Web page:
Firms that are active in the biologics space face many possible challenges but the possibility of getting an FDA warning letter is one of the most intense.
The goal of today’s post is to explain what an FDA warning letter is all about. This analysis includes what such a letter means and what steps come next. How does this play out in the cell therapy space specifically too?
What’s in this article
For some of the companies in the stem cell space who get such an FDA warning, they may not really know what a warning letter even means.
What does the agency expect of them? Are they in serious trouble?
What is an FDA warning letter?
Once a week, the FDA posts new warning letters on a hub of enforcement actions. These now-public letters tend to be newish. However, sometimes the agency will delay posting a warning letter publicly for some time. I feel like we are seeing that kind of delay less often these days, which is good.
An FDA warning letter is essentially a formal notification of one or more major violations. Here’s how the FDA defines it:
“A letter notifying a regulated industry about violations that FDA has documented during its inspections or investigations. Typically, a Warning Letter notifies a responsible individual or firm that the Agency considers one or more products, practices, processes, or other activities to be in violation of the Federal Food, Drug, and Cosmetic Act (the Act), its implementing regulations and other federal statutes.”
The agency doesn’t waste time sending a warning letter for minor things.
What is the structure of a typical letter of this kind?
It usually starts with recounting a recent inspection of the firm. The early part of the letter typically also references why the FDA has authority in this case. In the cell therapy space, we often see an initial statement in the letter that the firm is marketing an unapproved drug product. Also, it’s common to see statements that the clinic or other entity is not eligible for exemptions to specific regulations.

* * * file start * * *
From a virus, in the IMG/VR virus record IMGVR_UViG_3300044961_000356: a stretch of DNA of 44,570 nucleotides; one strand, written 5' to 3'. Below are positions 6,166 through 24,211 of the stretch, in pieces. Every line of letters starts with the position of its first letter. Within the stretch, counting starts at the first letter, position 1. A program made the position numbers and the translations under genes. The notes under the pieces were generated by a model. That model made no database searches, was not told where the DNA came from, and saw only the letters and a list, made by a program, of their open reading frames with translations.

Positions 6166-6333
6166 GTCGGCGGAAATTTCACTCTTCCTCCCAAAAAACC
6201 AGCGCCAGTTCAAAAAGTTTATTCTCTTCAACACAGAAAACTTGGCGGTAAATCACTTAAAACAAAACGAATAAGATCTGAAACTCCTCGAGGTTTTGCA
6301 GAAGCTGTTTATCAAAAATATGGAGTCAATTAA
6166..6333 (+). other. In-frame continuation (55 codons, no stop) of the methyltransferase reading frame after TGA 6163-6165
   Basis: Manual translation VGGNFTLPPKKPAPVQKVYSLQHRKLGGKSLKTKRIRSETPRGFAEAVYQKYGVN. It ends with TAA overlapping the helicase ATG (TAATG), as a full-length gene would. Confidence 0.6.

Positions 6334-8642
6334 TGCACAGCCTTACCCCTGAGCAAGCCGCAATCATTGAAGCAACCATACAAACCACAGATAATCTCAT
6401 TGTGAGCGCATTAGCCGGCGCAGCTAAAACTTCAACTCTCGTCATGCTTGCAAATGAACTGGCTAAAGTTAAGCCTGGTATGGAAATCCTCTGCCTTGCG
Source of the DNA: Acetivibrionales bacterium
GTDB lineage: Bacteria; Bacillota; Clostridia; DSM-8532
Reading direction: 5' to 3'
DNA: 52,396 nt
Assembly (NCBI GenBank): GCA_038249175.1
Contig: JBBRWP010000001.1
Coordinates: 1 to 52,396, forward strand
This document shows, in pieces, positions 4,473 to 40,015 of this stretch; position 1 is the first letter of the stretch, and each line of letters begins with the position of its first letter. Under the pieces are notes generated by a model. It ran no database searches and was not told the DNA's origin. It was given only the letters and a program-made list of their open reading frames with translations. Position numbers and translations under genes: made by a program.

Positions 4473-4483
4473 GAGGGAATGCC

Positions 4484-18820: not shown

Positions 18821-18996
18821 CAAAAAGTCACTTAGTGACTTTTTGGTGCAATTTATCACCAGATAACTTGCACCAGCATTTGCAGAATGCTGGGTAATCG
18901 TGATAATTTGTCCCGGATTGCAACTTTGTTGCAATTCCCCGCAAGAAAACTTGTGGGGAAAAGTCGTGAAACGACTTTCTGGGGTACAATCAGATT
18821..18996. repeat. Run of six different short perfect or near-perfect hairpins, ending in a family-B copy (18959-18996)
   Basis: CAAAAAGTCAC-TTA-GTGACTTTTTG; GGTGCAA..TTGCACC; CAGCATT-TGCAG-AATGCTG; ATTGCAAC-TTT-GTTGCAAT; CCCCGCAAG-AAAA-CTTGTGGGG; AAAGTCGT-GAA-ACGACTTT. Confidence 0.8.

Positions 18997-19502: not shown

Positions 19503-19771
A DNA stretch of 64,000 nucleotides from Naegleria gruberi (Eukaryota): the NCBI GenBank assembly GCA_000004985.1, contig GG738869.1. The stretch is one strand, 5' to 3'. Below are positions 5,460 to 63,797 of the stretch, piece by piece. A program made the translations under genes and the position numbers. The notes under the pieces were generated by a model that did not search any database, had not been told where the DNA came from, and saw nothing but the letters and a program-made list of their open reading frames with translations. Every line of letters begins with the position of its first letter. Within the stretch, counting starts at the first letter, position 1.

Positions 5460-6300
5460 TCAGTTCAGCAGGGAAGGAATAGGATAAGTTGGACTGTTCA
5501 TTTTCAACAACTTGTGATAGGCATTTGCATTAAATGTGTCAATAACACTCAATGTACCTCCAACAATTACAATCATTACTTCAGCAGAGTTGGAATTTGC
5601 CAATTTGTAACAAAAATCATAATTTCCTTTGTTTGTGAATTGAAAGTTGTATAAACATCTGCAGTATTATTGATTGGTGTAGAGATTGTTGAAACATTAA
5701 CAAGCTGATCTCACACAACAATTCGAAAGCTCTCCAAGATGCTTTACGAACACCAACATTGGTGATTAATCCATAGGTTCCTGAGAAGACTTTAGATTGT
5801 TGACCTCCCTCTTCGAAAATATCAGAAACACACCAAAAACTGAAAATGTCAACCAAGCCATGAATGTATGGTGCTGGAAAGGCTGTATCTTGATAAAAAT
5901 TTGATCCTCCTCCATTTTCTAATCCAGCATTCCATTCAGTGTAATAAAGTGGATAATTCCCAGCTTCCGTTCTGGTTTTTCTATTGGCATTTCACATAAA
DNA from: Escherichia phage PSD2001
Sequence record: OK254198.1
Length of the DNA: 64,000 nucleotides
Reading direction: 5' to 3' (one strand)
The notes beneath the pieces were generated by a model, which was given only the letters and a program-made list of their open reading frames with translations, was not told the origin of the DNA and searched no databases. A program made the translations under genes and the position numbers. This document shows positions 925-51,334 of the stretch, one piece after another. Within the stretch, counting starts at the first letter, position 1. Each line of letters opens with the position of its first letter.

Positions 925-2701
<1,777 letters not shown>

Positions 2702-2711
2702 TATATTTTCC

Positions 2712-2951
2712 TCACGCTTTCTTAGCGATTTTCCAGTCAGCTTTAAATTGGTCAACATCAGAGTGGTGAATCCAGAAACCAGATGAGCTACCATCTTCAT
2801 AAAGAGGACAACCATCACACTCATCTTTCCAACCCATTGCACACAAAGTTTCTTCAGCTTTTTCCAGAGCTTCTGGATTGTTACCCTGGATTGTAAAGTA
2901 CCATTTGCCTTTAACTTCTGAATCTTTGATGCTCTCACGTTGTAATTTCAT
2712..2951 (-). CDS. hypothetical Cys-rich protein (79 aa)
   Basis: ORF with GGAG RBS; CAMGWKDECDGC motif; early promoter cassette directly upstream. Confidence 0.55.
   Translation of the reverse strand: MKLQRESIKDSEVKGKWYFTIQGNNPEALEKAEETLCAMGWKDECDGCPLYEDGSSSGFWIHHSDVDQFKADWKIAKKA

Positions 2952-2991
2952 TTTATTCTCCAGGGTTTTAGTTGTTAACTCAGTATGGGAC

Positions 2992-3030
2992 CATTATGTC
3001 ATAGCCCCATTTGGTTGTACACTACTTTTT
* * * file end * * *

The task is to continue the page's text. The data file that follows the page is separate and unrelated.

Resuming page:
Then the letter may list specific violations. I’ve seen letters with nearly two dozen bullet points and sub-bullet points. Others are much shorter but highlight major problems.
For stem cell clinics, this list frequently mentions failure to comply with cGMP standards. Such a letter usually is sent by CBER.
Examples of warning letters
Here are some typical kinds of warning letters in the stem cell space.
- FDA warning to stem cell clinic supplier Utah Cord Bank
- Sizing Up Sizzling FDA Warning Letter to Fat Stem Cell Clinic Stemgenex
- ‘Captain Kirk’ regenerative clinic supplier Invitrx gets long FDA warning letter
- FDA Warning Letter to Irvine Stem Cell Treatment Center Clinics Across US
Of course, the FDA can send warning letters outside the cell therapy space as well. Here are two examples of such letters.
- Pfizer FDA warning letter. In 2020, the FDA sent a warning letter to Pfizer regarding its plant in India.
- Prevagen FDA warning letter. The firm received this letter a decade ago. I haven’t seen any more recent agency action here. I recently wrote a fact-check of Prevagen and found serious reasons for concern.
What is an FDA untitled letter?